Wednesday, May 23, 2007

When polled, about a quarter of young American Muslims consider suicide bombing to be acceptable in some circumstances. This finding is contained in the Pew Research Center’s wide-ranging survey of American Muslim opinion, which, with the usual polling caveats, is a mixed bag of positives and negatives overshadowed by this one hugely troubling item. 1.4 million Muslims live in America today. This means that we now count as neighbors hundreds of thousands of people who say that they sometimes approve of a means of warfare which normally involves deliberate attacks on innocent civilians, in the name of religion. That’s news.

Naturally, in an act of egregious perception management, most major newspapers buried it in their coverage of the survey.

“Survey: U.S. Muslims Assimilated, Opposed to Extremism,” says The Washington Post. “American Muslims reject extremes,” says USA Today. The Chicago Tribune: “U.S. Muslims more content, assimilated than those abroad.” (At least the Trib’s subhead reads: “But 1-in-4 youths sympathize with suicide bombers.”) USA Today features this summary prominently: “Muslim Americans are very much like the rest of the country.” Those are the words of Luis Lugo, director of the Pew Forum on Religion & Public Life.

These headlines and quotes are not wrong per se, just incomplete, misleading and indicative of the “kid gloves” treatment this issue receives. Sure, the majority of American Muslims are peaceable and well-assimilated. Many are not. No newspaper should try to “manage” away these facts.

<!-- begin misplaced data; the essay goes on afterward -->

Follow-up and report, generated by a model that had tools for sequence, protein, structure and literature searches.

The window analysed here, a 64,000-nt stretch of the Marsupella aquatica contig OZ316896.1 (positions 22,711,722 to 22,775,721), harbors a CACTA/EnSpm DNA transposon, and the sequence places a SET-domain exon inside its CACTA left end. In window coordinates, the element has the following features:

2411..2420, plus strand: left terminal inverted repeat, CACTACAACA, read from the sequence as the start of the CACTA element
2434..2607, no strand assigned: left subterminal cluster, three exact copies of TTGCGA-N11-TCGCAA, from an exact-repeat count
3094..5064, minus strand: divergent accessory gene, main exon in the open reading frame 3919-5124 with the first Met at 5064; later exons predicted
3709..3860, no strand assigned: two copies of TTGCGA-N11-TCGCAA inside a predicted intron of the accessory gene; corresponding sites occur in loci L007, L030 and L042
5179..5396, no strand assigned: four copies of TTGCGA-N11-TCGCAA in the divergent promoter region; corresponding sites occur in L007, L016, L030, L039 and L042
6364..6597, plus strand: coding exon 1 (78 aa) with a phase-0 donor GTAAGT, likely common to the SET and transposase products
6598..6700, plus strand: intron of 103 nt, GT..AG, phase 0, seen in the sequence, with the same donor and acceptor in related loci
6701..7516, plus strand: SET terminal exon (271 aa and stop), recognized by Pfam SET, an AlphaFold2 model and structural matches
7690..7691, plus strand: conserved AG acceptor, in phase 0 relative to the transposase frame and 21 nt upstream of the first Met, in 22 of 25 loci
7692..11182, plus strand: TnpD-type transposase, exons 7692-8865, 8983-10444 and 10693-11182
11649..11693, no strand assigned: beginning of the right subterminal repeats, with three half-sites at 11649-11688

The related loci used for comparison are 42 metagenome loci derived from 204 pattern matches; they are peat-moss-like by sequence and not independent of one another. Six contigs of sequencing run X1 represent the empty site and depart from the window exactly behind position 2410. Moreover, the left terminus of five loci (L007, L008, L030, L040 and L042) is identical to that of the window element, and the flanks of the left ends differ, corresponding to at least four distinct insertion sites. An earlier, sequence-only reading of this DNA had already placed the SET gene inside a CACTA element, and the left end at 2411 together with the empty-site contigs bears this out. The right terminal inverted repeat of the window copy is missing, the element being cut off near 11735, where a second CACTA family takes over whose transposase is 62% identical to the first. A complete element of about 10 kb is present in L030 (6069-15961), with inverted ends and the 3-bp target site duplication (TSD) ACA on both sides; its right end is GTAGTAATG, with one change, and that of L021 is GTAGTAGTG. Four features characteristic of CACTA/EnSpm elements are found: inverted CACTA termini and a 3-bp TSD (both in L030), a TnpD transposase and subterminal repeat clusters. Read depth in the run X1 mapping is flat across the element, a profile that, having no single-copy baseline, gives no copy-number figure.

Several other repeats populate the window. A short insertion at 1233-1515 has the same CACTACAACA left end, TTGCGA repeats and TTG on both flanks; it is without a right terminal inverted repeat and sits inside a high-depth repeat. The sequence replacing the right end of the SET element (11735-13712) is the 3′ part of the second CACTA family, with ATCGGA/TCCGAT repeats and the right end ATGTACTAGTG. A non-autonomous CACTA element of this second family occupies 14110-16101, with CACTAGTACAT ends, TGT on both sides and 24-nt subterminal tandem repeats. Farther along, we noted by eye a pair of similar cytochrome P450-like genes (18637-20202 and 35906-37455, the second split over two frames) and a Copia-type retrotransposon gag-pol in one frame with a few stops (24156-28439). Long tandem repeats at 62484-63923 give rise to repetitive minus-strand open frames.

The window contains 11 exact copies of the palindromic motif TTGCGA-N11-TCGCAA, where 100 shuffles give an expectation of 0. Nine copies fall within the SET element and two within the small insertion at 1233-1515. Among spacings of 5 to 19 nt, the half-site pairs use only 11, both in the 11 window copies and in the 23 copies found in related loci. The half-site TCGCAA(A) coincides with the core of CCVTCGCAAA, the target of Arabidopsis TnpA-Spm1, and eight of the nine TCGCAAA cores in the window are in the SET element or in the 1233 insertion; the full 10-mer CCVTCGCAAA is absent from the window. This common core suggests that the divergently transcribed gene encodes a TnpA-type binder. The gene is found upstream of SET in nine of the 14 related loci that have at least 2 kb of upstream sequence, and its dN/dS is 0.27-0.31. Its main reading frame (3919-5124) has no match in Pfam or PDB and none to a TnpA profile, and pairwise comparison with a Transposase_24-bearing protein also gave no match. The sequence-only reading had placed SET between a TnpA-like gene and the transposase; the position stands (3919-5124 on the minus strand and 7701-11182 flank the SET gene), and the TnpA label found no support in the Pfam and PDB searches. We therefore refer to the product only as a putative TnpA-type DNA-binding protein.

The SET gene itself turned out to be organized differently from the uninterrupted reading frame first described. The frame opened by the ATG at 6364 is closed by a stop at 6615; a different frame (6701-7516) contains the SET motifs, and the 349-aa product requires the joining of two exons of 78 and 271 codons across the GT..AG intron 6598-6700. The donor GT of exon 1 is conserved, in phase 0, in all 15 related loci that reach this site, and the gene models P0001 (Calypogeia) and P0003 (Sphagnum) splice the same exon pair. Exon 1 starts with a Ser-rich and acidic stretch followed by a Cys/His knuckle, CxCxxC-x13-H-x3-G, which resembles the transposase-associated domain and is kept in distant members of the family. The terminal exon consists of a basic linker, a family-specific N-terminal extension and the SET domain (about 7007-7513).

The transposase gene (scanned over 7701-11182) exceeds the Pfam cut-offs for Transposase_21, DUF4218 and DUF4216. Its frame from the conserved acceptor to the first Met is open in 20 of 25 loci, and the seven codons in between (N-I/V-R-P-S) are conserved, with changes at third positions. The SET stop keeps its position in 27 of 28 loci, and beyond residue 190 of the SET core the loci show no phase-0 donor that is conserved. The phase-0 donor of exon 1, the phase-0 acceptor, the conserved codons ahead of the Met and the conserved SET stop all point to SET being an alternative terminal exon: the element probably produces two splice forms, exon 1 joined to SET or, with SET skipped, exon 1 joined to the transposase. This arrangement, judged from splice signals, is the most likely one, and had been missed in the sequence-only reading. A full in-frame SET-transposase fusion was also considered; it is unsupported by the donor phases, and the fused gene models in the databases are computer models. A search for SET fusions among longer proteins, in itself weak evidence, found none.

For instance, the “good news” of “U.S. Muslims more content, assimilated than those abroad” is born out by some of the data, but it is probably not the case regarding the suicide-bombing question. In a survey released last month, the University of Maryland’s Program on International Policy Attitudes asked respondents in Morocco, Egypt, Pakistan and Indonesia whether terrorist attacks on civilians can be justified. The results: 27 percent of Moroccans, 21 percent of Egyptians, 13 percent of Pakistanis and 11 percent of Indonesians replied in the affirmative. If both polls are accurate, this means that American Muslims are twice as likely as Pakistanis to give the wrong answer. That’s a big “if.” But certainly the picture is less clear than the media portray it.

It’s as if the American media expects that the 75 percent of good news can be emphasized with sufficient vigor to make it the full 100 percent. They have made a judgment that too many Americans are disposed to the negative on the subject, and so they shape the coverage accordingly. They expect to be able to downplay the finding that hundreds of thousands of adherents of Islam tell pollsters that they find suicide bombing to be acceptable in some cases. They expect, somehow, to fail to highlight a very highlightable and troubling point of data about people in the United States with ideological and religious sympathies for suicide terrorism.

This is unsustainable in the long run. That’s because at minimum, terrorism’s sympathizers comprise the unwitting background noise in which the real malefactors remain hidden. It is not fear-mongering, and it is not bigoted, to point this out. It is called journalism.

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